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You’ve found the world’s premier horror fiction podcast. Pseudopod brings you the best short horror in audio form, to take with you anywhere.

WARNING: This is a podcast of horror fiction. The stories presented here are intended to disturb. They are likely to contain death, graphic violence, explicit sex (including sexual violence), hate crimes, blasphemy, or other themes and images that hook deep into your psyche. We do not provide ratings or content warnings. We assume by your listening that you wish to be disturbed for your entertainment. If there are any themes that you cannot deal with in fiction, that are too strongly personal to you, please do not listen.

Pseudopod is for mature audiences only. Hardly any story on Pseudopod is suitable for children. We mean this very seriously.

Pseudopod 395: Fishhead

by Irvin S. Cobb.

“Fishhead” first appeared in THE CAVALIER on January 11, 1913 and can be read here.

IRVIN S. COBB (June 23, 1876 – March 11, 1944) was an American author, humorist, and columnist who lived in New York and authored more than 60 books and 300 short stories. He was born in Paducah, Kentucky, where he began as a reporter for the Paducah Daily News at the age of seventeen. He became the nation’s youngest managing news editor two years later. His career took him to media and artistic prominence in New York City, where his Saturday Evening Post columns reached over two million readers. He was such a well-known and well-loved figure that he hosted the 7th Academy Awards ceremony.

Our reader this week is a long-time friend of the show. He was born in the swamps of south Georgia where he was orphaned as a child by a pack of wild dawgs. He was adopted by a family of gators who named him Maui Threv which in their language means mechanical frog music. He was taught the ways of swamp music and the moog synthesizer by a razorback and a panther. He provided music for the second episode ever released across the PseudoPod feed: Waiting up for Father. He also is responsible for the outro music for the Lavie Tidhar story Set Down This.

Sword & Mythos can be ordered here.

Sounds used in the soundbed for this story can be found at the following links:

Marsh ambiance track

Bullfrogs

Fishhead’s Call:

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“It goes past the powers of my pen to try to describe Reelfoot Lake for you so that you, reading this, will get the picture of it in your mind as I have it in mine.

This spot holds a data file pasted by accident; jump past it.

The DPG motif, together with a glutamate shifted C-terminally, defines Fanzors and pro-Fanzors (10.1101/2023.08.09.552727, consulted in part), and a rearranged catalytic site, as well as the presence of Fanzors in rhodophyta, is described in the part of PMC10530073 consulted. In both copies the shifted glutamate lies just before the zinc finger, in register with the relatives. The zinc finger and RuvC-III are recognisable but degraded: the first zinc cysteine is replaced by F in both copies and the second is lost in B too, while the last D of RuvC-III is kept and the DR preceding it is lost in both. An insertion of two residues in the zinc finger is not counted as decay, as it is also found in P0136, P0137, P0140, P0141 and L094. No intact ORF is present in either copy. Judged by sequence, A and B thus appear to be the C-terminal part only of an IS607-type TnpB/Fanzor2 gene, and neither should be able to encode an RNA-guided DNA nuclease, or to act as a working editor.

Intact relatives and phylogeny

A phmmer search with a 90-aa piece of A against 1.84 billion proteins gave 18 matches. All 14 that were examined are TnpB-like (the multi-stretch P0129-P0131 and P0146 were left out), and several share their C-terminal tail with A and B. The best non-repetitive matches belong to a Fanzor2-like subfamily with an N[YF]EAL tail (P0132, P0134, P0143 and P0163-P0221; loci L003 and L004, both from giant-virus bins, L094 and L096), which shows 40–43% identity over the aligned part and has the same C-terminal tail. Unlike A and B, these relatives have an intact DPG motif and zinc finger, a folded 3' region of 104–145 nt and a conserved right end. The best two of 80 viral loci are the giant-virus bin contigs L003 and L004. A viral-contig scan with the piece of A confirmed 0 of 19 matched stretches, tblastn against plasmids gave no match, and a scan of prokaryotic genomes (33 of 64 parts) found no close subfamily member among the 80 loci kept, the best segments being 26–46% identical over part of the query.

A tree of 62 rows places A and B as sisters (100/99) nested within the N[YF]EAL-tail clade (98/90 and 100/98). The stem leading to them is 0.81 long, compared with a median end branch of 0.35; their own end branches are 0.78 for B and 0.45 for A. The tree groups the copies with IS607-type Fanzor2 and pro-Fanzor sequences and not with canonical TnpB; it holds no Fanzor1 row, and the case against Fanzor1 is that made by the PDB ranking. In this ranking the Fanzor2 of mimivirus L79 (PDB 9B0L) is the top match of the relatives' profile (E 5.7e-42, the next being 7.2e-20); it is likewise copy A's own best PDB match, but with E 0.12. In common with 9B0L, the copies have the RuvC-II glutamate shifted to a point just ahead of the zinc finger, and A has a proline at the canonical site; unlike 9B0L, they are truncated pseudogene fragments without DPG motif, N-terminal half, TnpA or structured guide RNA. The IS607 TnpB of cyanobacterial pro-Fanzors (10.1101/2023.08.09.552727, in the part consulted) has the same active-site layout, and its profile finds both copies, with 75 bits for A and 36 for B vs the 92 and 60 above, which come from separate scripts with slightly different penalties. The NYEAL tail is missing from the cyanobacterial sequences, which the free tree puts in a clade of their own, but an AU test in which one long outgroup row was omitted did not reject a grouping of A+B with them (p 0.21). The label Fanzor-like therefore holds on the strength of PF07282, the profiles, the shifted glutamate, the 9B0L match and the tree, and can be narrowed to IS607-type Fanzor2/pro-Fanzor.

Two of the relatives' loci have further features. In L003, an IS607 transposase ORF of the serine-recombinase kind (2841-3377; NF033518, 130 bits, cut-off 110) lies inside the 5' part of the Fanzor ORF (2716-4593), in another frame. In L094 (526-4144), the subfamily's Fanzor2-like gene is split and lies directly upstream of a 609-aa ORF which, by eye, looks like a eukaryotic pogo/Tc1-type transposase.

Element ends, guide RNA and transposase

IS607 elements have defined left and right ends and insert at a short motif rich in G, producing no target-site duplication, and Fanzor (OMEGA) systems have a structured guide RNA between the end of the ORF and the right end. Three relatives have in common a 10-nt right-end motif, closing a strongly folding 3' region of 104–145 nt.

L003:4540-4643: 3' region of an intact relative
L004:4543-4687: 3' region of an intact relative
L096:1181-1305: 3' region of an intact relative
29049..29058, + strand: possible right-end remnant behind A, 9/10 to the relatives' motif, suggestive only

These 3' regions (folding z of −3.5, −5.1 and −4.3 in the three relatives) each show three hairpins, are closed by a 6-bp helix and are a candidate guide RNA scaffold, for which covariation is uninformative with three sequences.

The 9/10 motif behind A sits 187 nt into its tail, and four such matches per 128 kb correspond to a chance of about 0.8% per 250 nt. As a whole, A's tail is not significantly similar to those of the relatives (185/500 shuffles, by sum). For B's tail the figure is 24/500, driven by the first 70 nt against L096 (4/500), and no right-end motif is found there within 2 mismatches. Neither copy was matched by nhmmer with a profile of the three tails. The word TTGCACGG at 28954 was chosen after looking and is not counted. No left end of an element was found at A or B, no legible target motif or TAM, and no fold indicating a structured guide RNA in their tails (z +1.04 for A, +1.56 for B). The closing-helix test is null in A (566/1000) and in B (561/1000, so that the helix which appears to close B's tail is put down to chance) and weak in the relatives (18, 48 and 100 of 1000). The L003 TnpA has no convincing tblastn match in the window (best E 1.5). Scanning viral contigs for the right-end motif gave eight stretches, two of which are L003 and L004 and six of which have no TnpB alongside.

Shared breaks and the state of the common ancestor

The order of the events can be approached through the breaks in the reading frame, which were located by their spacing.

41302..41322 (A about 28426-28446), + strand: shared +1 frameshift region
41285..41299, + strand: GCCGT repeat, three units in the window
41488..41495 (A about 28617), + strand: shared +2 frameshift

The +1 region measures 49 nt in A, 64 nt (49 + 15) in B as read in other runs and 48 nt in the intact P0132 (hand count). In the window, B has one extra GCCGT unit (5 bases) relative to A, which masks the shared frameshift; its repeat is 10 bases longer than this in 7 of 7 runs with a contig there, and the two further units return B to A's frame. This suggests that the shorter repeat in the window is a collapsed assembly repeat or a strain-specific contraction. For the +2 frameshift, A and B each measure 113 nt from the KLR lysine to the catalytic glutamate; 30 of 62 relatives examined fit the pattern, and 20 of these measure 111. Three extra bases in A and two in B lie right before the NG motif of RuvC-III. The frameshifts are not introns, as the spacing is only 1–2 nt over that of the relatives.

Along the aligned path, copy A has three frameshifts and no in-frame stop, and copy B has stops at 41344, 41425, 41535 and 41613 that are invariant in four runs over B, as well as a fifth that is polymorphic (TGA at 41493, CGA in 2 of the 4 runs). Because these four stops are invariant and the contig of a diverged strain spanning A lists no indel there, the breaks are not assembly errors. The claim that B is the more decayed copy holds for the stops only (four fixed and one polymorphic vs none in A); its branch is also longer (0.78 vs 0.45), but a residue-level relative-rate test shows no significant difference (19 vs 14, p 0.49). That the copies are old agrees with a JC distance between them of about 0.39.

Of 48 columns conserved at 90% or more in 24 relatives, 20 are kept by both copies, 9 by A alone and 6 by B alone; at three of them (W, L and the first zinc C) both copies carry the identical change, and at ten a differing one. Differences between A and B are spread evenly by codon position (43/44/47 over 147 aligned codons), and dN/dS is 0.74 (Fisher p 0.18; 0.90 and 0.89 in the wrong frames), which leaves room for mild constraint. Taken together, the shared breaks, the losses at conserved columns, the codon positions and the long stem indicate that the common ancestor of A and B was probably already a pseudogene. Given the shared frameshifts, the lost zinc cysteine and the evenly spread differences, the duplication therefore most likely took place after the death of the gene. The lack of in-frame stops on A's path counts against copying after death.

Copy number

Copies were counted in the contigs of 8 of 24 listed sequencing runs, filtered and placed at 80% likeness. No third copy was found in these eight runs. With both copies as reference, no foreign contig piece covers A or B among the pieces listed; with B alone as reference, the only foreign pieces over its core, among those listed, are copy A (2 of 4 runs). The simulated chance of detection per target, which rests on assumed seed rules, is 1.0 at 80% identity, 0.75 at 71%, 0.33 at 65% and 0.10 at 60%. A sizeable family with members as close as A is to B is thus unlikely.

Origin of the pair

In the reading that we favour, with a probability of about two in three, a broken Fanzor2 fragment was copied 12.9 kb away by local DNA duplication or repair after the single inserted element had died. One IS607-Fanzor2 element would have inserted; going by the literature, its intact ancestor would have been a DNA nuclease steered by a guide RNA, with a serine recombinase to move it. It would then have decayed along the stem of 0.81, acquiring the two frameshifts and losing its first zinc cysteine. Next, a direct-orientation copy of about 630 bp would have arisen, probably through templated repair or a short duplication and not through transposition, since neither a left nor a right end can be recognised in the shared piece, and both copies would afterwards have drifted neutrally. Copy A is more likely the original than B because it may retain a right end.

For Reelfoot Lake is like no other lake that I know anything about. It is an after-thought of Creation.

The rest of this continent was made and had dried in the sun for thousands of years-millions of years, for all I know-before Reelfoot came to be. It’s the newest big thing in nature on this hemisphere, probably, for it was formed by the great earthquake of 1811.

That earthquake of 1811 surely altered the face of the earth on the then far frontier of this country.

It changed the course of rivers, it converted hills into what are now the sunk lands of three states, and it turned the solid ground to jelly and made it roll in waves like the sea.

And in the midst of the retching of the land and the vomiting of the waters it depressed to varying depths a section of the earth crust sixty miles long, taking it down — trees, hills, hollows, and all, and a crack broke through to the Mississippi River so that for three days the river ran up stream, filling the hole.

The result was the largest lake south of the Ohio, lying mostly in Tennessee, but extending up across what is now the Kentucky line, and taking its name from a fancied resemblance in its outline to the splay, reeled foot of a cornfield negro. Niggerwool Swamp, not so far away, may have got its name from the same man who christened Reelfoot: at least so it sounds.

Reelfoot is, and has always been, a lake of mystery.

In places it is bottomless. Other places the skeletons of the cypress-trees that went down when the earth sank, still stand upright so that if the sun shines from the right quarter, and the water is less muddy than common, a man, peering face downward into its depths, sees, or thinks he sees, down below him the bare top-limbs upstretching like drowned men’s fingers, all coated with the mud of years and bandaged with pennons of the green lake slime.

In still other places the lake is shallow for long stretches, no deeper than breast high to a man, but dangerous because of the weed growths and the sunken drifts which entangle a swimmer’s limbs. Its banks are mainly mud, its waters are *muddled, too, being a rich coffee color in the spring and a copperish yellow in the summer, and the trees along its shore are mud colored clear up their lower limbs after the spring floods, when the dried sediment covers their trunks with a thick, scrofulous-looking coat.

There are stretches of unbroken woodland around it, and slashes where the cypress knees rise countlessly like headstones and footstones for the dead snags that rot in the soft ooze.

There are deadenings with the lowland corn growing high and rank below and the bleached, fire-blackened girdled trees rising above, barren of leaf and limb.

There are long, dismal flats where in the spring the clotted frog- spawn cling like patches of white mucus among the weed-stalks, and at night the turtles crawl out to lay clutches of perfectly, round, white eggs with tough, rubbery shells in the sand.

There are bayous leading off to nowhere, and sloughs that wind aimlessly, like great, blind worms, to finally join the big river that rolls its semi-liquid torrents a few miles to the westward.

So Reelfoot lies there, flat in the bottoms, freezing lightly in the winter, steaming torridly in the summer, swollen in the spring when the woods have turned a vivid green and the buffalo-gnats by the million and the billion fill the flooded hollows with their pestilential buzzing, and in the fall, ringed about gloriously with all the colors which the first frost brings-gold of hickory, yellow-russet of sycamore, red of dogwood and ash, and purple-black of sweet-gum.

But the Reelfoot country has its uses. It is the best game and fish country, natural or artificial, that is left in the South today.

In their appointed seasons the duck and the geese flock in, and even semi-tropical birds, like the brown pelican and the Florida snake-bird, have been known to come there to nest.